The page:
NAME OF TRAIL: Kinnikinnik Park
LANDOWNER: Los Alamos County.
TRAIL CHARACTERISTICS AND ACCESSIBILITY: This area is not recommended for a Rollator Walker. This trail took a lot of work and determination with a mobility device such as a Rollator Walker. The Kinnikinnik Park is beautiful but very rocky with slopes of various degrees from 13 degrees (23%) to 6 degrees (10%) to less. There are large roots and rocks in the trail that are often less than 36 inches. If the County of Los Alamos paved the area and made it accessible it would enhance the Nature Center programs. Jim Foxx said, “This area is beautiful, and you feel like you are out in nature. It would enhance everyone’s experience to be able to access the area. You are close to the Nature Center and it is a wonderful spot to sit and observe.” There are bridges and benches. However, the bench was not accessible to the Rollator Walker because of rock barriers.
LOCATION: The trail can be accessed on the west side of the Larry Walkup Aquatic Center. There is also access from the Nature Center, but this route is not easily accessible.
PARKING: There is handicapped parking at the Aquatic Center and at the Nature Center.
DATE OF ASSESSMENT: May 13, 2021
TIME OF ASSESSMENT: Afternoon
WEATHER CONDITIONS: Sunny
EVALUATORS: Terry and Charles (Jim) Foxx: Andy and Joanne Hogan for a phenology study.
MOBILITY DEVICE USED (e.g. motorized or self-propelled wheelchair, rollator walker): Drive Medical RTL10266 Nitro Euro Style Rollator Walker, Standard Height, 10 inch wheels, 23 inches wide at the base.
OTHER EQUIPMENT: Tape Measure App (by Level Labs LLC), My Altitude App (by Dayana Networks, LTD), Steps-Activity Tracker (Pedometer and Steps, Year of Code LLC).
TRAIL SIGNAGE: There is a large sign at the entry to the park. There are signs directing visitors to connecting trails. There are also signs identifying plants.
OVERALL TRAIL LENGTH: We did not walk the full length, but we walked a total of .5 miles trying different trail components in the area, which took about 1.5 hrs. We walked only on the top, not into the canyon. We mainly tried elements of the Kinnikinnik Park although there are several trails in the area and lots of confusion of which trail you are on. The trail can go into Acid Canyon, but that was not walked at this time.
ELEVATION: Approximately 7200 feet
ELEVATION CHANGE: No appreciable change in elevation (26 feet at most).
TRAIL WIDTH: The trail varied in width from 2-4 ft wide. At times there were obstacles, such as trees and rocks, that blocked a portion of the trail.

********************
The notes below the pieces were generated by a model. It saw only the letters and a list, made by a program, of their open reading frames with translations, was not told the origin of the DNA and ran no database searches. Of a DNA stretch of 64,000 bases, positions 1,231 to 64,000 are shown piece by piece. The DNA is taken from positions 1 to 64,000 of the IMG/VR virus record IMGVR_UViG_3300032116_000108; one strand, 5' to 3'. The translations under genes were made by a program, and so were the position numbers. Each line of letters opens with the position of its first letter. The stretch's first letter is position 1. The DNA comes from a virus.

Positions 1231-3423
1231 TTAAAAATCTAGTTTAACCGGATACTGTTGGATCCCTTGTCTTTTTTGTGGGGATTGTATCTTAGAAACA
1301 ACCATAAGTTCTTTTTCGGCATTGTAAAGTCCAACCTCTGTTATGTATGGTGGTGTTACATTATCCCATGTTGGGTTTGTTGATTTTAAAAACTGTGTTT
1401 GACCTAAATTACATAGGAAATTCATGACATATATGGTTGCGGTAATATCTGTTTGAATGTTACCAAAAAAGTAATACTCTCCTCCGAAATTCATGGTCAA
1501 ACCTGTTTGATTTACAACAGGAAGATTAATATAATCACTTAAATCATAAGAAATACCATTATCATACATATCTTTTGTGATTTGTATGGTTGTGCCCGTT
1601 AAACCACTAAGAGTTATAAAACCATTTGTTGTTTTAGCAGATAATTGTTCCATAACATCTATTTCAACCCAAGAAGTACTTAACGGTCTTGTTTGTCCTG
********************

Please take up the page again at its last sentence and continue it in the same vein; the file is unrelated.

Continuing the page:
TRAIL SURFACE: Compressed dirt and rock.
TRAIL SLOPE: The slopes varied from 13 degrees (23%) to 6 degrees (10%) to less.
OBSTACLES/PROTRUDING OBJECTS: Rocks and roots provide obstacles.
ACCESSIBLE RESTROOMS: Restrooms are in the Aquatic Center or the Los Alamos Nature Center.
GATE WIDTH: None.
BENCHES OR OTHER RESTING PLACES: There are several benches, but they are not accessible due to rocks and slopes. There are accessible benches at the Nature Center.
SHADE: Multiple trees provide shade.
TRAFFIC LEVEL: Traffic moderate depending on time of day.
CONNECTING TRAILS: Acid Canyon and Ranch School Trails are not accessible, but there is an old road leading into Acid Canyon that may be partially accessible depending on the device and the user.
ECOSYSTEM: A ponderosa pine forest with Douglas fir, Limber pine, and other species. Understory of oak, chokecherry, and chamisa.
COMMENTS: The slope was somewhat steep for the Rollator, but I did access the trail. I made it to the Kinnikinnk Park sign and to the trail sign split (Kinnikinnik, Ranch School Trail, Nature Center). We walked what we could toward the Nature Center. It was a lot of work going around rocks, large roots and trees. In some places the trail was narrow, about 2 ft wide, and in other areas it was 4 ft. wide. At the Nature Center end it was relatively flat with some benches. I question the accessibility of the area to disabled individuals. The views would enhance a person’s experience.
The following references have been used in these observations:
Harrington, Cindy, 2017, “What Exactly is an Accessible Trail?”, http://barrierfreetravels.com/2017/07/what-exactly-is-an-accessible-trail/. Accessed May 9, 2022.
“Access Considerations for Birding Locations, https://www.birdability.org/access-considerations. Accessed April 14, 2022.
Forest Service, U.S. Department of Agriculture, “Accessibility Resources”, https://fs.usda.gov/managing-land/national-forests-grasslands/accessaability/resources. Accessed April 14, 2022.
Hoard, Dorothy, Los Alamos Outdoors, Los Alamos Historical Society, 1993.
Hoard, Dorothy, A Guide to Bandelier National Monument, Los Alamos Historical Society, 1989.
Rae, Coco, Hiking Trails in Valles Caldera National Preserve, University of New Mexico Press, 2020.
The vision of the Los Alamos Nature Center is that being in nature is for everybody: adults, children, able bodied individuals or people with disabilities. This blog is presented here so an individual can make decisions for themselves as to the appropriateness of an individual trail. The items reviewed are at the suggestion of the Birdability.org.